It was my second pregnancy and everything was going well, but as my belly grew, so did the ache in my heart.
As we swept along with the swell of preparations, I’d look back at the tiny heart-shaped face of my first-born, so blissfully unaware, and my heart would crack, ever so slightly. I missed him already.
We were excited to meet our baby girl, but as her due date crept closer, I felt an urgency to make memories with my firstborn. The sadness of knowing he’d never remember a time when it was just us overwhelmed me.
We’d spent two and a half years revolving around our little sun. He had no idea it could be any different. The attention, the time, the love: it was ALL for him. ALL the time.
I was utterly consumed with all the things my little boy was about to lose.
He knew Mummy was having a baby, but we could’ve told him we were adopting a pink elephant and it would’ve meant the same. I spent my final few weeks researching the best possible ways to ease him through this change and help him accept the new baby.
The night before my second baby was due, I wept; grieving the loss of our family of three. It was never coming back.
The day our daughter arrived, I propped myself up in bed, anxiously waiting for my little boy to come and meet her. I’d read ALL THE THINGS about how to make the introduction go well. The baby was in her bassinette so my arms would be free for him. I put on a big smile and calmed my tears and told myself to smother him with attention so he wouldn’t feel like he’d been replaced.
I got a text message from my husband. They were here.
My little blonde hurricane skidded into the room, crashing through the curtain, brandishing a single broken flower like a sword. He threw it at the bed and barrelled straight past me and over to the bassinette.
I sat like a sad, forgotten teddy at the playground. Didn’t someone used to love me?
This wasn’t the plan. How did he know she was here? Or even where she was?
“SISTER!” He squeaked, pointing at her clear cubby, “SISTER SISTER!!”
He pinballed around the room, beeping and bipping until we sat him down and told him he could hold her.
As my husband lowered his little sister into his arms, my big boy’s eyes widened like I’d never seen before.
It was love. Pure love. At very first sight.
My heart exploded into two. One for each of them.
I’d been so busy worrying about what he was going to lose, I never stopped to think about what he was going to gain.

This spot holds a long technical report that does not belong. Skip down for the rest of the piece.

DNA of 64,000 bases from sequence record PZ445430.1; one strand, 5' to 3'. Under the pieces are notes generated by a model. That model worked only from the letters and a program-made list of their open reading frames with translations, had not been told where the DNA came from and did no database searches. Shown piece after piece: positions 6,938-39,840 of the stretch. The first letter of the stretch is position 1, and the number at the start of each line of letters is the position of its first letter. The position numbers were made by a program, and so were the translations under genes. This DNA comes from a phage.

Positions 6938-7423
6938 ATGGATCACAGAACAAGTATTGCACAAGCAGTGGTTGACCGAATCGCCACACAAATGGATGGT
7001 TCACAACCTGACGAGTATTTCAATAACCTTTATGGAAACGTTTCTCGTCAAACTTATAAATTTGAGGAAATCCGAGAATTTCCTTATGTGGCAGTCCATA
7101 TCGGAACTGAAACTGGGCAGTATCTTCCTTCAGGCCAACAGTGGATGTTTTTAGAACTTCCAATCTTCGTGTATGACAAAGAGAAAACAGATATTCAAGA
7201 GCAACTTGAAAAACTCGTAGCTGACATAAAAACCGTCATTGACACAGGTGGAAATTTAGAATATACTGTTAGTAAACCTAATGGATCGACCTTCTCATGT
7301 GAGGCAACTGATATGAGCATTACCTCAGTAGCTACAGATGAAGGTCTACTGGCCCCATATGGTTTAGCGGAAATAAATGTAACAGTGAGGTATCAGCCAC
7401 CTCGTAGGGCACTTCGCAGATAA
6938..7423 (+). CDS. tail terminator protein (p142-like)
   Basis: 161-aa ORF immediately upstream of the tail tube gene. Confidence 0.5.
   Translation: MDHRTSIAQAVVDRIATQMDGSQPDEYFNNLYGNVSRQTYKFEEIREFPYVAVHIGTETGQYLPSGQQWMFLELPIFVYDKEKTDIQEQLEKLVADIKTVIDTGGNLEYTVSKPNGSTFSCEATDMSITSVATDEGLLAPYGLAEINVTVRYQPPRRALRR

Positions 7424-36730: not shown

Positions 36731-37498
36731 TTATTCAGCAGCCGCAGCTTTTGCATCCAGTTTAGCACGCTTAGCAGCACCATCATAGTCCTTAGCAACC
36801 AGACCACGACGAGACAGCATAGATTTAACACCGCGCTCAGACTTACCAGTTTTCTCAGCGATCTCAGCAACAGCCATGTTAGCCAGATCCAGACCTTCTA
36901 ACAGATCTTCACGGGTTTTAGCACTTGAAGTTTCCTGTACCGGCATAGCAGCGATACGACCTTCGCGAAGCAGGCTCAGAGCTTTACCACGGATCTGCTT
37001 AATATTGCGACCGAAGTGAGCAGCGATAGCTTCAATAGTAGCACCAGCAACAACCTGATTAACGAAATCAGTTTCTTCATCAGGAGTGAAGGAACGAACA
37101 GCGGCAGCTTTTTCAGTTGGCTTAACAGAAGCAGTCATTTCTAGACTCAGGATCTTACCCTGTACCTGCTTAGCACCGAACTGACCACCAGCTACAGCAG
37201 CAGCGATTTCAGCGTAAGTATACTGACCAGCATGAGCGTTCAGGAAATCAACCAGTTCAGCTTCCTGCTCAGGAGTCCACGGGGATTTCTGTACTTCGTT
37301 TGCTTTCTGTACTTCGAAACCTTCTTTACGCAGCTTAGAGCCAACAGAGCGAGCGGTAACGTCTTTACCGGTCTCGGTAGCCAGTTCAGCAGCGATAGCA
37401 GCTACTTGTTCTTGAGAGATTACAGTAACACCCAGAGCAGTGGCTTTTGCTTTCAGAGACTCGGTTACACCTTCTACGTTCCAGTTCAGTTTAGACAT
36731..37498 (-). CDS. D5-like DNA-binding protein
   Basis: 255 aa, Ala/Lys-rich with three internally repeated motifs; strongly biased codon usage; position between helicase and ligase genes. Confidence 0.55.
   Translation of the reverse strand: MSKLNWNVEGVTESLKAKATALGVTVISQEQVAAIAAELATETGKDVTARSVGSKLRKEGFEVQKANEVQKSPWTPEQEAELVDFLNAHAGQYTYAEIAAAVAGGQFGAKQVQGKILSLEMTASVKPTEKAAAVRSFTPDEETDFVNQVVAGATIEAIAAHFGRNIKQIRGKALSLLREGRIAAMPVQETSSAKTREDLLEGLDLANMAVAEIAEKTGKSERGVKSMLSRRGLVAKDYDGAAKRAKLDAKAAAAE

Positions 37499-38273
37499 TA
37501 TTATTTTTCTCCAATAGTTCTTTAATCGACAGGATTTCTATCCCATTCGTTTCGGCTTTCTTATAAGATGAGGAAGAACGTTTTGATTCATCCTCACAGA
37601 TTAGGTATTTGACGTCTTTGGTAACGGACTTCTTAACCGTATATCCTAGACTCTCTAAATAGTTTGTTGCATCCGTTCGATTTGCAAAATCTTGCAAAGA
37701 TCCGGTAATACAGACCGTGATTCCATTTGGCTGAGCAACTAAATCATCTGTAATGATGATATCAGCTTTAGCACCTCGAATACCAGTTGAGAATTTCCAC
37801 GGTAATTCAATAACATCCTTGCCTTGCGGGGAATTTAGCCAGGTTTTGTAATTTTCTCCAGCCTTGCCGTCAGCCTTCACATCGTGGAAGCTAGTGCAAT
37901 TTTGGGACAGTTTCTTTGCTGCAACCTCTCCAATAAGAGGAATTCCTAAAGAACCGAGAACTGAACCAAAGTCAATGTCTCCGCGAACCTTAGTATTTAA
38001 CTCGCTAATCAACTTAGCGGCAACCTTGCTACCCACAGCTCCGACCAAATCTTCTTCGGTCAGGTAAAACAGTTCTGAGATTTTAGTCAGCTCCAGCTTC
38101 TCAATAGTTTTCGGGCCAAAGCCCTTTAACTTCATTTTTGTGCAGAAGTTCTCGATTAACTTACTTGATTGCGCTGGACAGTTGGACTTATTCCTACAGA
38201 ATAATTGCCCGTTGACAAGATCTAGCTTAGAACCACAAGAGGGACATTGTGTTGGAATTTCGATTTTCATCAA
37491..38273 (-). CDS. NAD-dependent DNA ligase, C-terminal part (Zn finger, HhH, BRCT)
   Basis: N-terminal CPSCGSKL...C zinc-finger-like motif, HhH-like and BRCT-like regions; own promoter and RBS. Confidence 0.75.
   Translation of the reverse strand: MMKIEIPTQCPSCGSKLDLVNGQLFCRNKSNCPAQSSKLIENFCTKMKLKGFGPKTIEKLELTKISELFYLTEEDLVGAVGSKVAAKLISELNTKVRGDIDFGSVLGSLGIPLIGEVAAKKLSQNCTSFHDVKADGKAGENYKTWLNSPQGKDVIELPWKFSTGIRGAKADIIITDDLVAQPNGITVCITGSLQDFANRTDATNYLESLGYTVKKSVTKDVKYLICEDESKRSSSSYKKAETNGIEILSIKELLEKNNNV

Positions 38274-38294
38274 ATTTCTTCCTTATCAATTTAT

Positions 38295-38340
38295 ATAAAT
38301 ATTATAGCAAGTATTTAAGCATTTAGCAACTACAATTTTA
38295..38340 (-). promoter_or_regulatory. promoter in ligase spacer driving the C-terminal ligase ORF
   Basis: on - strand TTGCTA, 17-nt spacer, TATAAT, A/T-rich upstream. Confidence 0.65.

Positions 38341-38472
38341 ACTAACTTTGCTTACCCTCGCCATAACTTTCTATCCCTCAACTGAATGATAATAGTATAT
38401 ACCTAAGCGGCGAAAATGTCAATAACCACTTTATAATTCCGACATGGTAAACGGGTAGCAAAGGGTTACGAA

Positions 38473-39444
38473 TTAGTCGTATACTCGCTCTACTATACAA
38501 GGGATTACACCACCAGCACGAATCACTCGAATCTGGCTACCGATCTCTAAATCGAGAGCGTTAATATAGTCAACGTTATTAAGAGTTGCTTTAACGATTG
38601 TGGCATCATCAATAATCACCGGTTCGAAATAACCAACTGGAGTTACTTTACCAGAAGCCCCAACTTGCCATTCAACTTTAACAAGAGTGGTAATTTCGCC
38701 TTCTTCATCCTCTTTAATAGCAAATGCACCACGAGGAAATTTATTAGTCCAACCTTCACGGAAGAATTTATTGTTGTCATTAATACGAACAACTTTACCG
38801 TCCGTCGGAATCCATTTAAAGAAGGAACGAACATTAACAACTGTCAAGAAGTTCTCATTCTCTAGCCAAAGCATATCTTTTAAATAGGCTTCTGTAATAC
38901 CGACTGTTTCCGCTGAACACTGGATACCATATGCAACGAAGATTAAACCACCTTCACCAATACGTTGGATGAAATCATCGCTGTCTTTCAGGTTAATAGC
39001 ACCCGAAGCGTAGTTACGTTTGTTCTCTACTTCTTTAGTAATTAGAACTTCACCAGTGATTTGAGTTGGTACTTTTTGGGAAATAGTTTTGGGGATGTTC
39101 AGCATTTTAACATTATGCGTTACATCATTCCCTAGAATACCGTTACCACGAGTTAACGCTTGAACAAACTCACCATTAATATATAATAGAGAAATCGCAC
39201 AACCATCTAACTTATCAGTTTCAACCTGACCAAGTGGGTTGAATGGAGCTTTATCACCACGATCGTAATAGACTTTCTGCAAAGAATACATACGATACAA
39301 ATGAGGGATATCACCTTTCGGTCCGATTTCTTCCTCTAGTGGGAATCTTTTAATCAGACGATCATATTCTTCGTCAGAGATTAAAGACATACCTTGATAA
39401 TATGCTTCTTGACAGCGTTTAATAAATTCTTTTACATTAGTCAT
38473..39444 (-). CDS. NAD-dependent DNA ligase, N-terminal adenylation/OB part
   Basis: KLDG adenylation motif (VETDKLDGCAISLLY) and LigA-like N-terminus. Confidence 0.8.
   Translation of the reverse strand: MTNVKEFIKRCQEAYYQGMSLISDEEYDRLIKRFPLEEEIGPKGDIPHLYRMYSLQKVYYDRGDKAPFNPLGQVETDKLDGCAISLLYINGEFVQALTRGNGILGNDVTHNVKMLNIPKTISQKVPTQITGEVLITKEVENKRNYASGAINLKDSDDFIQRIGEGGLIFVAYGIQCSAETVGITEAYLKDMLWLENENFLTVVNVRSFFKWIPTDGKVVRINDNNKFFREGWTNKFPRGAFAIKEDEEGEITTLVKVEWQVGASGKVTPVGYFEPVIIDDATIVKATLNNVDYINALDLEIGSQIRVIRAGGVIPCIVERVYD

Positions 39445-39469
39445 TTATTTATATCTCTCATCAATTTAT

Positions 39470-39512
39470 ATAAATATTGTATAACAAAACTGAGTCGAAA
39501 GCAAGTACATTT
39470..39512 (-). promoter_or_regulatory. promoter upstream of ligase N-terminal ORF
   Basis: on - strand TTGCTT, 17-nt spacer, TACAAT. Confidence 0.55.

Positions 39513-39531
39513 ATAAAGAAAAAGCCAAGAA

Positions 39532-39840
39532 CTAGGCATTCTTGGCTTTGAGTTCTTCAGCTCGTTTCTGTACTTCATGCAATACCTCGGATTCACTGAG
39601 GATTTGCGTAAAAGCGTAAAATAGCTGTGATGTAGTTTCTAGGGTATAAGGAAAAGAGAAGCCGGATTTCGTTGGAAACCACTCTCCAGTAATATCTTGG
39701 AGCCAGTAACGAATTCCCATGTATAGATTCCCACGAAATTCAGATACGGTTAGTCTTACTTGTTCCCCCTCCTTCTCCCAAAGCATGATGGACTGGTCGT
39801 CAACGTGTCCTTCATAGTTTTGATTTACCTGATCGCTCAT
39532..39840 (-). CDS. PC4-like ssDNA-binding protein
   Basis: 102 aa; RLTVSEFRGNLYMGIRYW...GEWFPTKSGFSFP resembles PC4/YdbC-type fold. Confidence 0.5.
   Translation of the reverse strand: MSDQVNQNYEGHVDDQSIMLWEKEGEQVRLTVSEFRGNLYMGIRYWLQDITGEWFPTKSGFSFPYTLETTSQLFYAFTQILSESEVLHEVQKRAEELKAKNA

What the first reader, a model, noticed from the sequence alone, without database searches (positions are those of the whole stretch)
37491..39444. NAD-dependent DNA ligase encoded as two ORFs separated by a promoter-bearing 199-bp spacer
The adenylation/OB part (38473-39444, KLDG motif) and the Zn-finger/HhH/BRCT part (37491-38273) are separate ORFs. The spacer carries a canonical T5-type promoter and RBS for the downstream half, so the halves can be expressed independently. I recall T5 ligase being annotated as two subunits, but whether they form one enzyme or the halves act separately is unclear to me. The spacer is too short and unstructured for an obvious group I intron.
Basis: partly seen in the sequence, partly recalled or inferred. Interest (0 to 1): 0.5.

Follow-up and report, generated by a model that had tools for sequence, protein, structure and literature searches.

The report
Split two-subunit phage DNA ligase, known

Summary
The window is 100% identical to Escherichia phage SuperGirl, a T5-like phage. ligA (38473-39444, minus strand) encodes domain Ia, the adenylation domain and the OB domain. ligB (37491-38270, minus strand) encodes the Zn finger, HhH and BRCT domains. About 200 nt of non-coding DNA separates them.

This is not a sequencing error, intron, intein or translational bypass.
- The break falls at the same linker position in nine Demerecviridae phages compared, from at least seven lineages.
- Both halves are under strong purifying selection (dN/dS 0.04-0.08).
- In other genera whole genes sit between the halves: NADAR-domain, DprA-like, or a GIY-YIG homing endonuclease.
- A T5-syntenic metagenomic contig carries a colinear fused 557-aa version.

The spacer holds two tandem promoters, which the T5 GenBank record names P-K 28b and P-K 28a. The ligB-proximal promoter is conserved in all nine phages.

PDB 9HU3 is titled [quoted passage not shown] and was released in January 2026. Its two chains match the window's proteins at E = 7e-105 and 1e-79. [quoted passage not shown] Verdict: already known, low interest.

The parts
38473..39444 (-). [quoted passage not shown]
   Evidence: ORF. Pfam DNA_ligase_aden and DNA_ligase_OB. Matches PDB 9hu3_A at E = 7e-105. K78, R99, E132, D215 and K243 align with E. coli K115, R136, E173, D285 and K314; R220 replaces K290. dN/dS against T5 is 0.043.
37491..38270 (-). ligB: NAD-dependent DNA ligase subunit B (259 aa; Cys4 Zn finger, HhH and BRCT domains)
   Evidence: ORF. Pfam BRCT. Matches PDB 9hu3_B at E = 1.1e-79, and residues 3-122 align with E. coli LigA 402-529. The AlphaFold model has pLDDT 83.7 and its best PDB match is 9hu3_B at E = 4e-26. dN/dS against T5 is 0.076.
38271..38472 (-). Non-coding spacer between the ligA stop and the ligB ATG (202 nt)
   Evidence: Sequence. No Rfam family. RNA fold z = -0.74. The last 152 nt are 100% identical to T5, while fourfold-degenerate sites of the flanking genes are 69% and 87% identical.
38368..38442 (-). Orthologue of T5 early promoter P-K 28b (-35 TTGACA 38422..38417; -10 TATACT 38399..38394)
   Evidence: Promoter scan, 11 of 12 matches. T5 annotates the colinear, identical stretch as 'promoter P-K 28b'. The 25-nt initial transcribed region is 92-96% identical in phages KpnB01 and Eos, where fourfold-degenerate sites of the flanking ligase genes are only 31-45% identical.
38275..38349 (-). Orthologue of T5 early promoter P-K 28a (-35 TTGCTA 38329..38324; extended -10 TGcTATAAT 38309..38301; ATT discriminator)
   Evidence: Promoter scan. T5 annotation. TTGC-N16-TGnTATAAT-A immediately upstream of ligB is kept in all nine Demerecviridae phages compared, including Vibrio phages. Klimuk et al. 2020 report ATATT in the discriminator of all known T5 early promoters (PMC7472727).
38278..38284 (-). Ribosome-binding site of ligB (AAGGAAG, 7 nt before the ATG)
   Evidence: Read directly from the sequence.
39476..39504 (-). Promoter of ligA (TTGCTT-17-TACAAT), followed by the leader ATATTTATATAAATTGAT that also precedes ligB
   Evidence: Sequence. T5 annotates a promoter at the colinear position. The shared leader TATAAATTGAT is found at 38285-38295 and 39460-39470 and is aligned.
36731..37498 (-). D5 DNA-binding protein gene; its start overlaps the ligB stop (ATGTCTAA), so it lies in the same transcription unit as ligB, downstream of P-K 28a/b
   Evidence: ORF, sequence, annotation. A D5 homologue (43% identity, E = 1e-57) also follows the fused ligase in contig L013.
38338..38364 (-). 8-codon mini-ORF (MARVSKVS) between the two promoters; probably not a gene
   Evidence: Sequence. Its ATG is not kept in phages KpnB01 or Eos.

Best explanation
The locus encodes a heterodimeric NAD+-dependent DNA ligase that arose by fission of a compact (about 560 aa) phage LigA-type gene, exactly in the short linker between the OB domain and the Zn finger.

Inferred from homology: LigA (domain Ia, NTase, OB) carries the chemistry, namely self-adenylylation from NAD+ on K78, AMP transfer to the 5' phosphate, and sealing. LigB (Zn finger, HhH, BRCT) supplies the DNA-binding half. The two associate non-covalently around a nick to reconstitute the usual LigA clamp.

And I never realised one of the greatest joys of my life would be watching him become a big brother. He’s always been a beautiful boy, but his spirit transformed when he was bestowed with the title, ‘big brother’.
Watching him strut down the hospital corridor, yelling, “MY SISTER” at any poor soul who dared look in his direction blew me away. He’s always been wary of strangers, he doesn’t like talking to people he doesn’t know. This proud kid was a totally new person. It’s like all he needed in life was a little sister to take care of.
The things I love most about him are all the ways he takes care of her. The way he beats me to her whenever she’s hurt, the way he tries to cheer her up when she’s sad, the tenderness in his voice when he calls her, “bub”, the way he laughs when she does something funny.
After 21 months, he still adores her and she loves him more than all of us put together. They fight over toys and snatch food out of each other’s mouth, but the threat of being separated is the gravest punishment of all. They want to be around each other even if it’s to wrestle over toys. He talks to her non-stop, trying to teach her things and tell her secrets. Even before she started speaking, he’s always known exactly what she wants and when.
I often wonder what he’d be like if we’d never had another child and it makes me sad that we might never have seen this side of his personality. I see him look for her when there are lots of kids around. He feels calmer and more confident when she’s there because he’s got at least one guaranteed friend.
I know it’s not as easy for a lot of kids and I know my two will fight and argue constantly as they grow up but ultimately I think they’ll be glad to have each other. If only so they’ve got one other person on the planet who knows the agony of having me for a mum.